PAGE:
Trafficked women and children form a last category of forced migrants. They have virtually no bargaining position even to protect themselves from sexually transmitted diseases or HIV and AIDS. Their insecurities patently increase after they are trafficked, and on every level. In turn, unable to protect themselves, they unwittingly become the vectors of disease with their clients, contributing to a public health crisis that is large enough to constitute a long-term security threat to most societies and States.
Diaspora support for conflicts
The role of diaspora communities in supporting conflict is well-documented. For every political refugee who lands on new shores to rebuild her life in a quieter environment, there are expatriate communities active in the politics of either or both their host-State and their home-State.
The United States is home to several examples. Irish-Americans as a community were divided along the same lines as the conflict in the country they had long left behind. Jewish-Americans have been a key factor in the making of US Middle East policy. Most recently, Indian-Americans replicate both the cultural and political divisions of India in the US, and lobby US lawmakers to promote their viewpoints. As with the Irish and other groups, Indian-American groups are also engaged with Indian social and political issues, lending support to organisations with which they sympathise.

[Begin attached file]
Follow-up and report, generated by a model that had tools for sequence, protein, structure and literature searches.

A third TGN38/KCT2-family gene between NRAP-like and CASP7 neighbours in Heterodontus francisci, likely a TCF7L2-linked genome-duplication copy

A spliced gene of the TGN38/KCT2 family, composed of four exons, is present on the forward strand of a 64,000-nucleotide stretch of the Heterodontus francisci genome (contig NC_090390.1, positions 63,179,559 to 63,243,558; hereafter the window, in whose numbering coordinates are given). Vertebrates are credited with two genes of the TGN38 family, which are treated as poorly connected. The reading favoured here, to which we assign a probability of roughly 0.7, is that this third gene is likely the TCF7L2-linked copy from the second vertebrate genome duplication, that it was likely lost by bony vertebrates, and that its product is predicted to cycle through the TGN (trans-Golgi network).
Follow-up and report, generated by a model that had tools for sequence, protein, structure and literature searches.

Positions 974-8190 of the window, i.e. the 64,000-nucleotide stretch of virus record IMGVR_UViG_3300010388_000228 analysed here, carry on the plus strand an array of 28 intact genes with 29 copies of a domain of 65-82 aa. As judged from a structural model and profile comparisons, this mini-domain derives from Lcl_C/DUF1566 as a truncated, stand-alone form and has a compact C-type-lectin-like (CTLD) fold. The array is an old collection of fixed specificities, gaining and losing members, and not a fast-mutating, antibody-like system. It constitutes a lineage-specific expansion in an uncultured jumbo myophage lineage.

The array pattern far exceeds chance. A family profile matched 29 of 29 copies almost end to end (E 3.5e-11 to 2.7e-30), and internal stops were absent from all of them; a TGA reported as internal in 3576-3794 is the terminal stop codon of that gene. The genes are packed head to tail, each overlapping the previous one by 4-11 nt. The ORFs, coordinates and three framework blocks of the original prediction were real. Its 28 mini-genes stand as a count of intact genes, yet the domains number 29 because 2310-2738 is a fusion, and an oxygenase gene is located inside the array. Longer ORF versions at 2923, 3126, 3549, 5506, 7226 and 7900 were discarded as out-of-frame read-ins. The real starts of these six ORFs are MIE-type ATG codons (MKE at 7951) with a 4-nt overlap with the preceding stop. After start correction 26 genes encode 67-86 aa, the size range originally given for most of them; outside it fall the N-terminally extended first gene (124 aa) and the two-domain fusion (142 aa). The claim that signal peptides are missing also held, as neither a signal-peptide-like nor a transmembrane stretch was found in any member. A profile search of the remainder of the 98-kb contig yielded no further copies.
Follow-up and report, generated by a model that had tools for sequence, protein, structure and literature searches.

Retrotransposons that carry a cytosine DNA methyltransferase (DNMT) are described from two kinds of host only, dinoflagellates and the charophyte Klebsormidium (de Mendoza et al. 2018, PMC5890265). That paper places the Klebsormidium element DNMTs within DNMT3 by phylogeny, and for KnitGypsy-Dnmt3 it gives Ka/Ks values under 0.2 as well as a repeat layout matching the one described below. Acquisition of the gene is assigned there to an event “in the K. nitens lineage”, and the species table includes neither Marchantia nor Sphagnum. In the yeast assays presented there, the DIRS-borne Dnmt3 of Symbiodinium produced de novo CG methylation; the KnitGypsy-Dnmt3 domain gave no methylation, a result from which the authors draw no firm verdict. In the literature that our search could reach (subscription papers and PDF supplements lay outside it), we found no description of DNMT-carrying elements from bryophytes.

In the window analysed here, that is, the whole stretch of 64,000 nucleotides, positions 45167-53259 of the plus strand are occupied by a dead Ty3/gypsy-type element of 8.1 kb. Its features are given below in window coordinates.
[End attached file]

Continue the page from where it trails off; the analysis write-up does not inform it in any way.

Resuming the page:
Two recent examples of South Asian militancies that have received enormous expatriate support are the movements for Khalistan and Eelam. Both have become textbook cases for global mobilisation, fund-raising, diversification and networking.
In some cases, the expatriate community is also an easy target for extortion. Guilt and nostalgia work together to make them donors towards causes that they have actually tried to escape.
Expanding horizons, proliferating risks
Short trips for business and pleasure and long stays for business and education have become more common in the last 50 years than at any time in history. In order to promote business and tourism, States have eased visa and currency regulations so that it is possible to make a trip on impulse to another country, get a visa on arrival and withdraw local currency out of an ATM to which your own bank affiliates. If you travel to this destination frequently, you might even own a local phone SIM or a phone which accommodates multiple SIMs. But it is not just business travellers, tourists, students and Indian parents and their NRI children who can avail these facilities.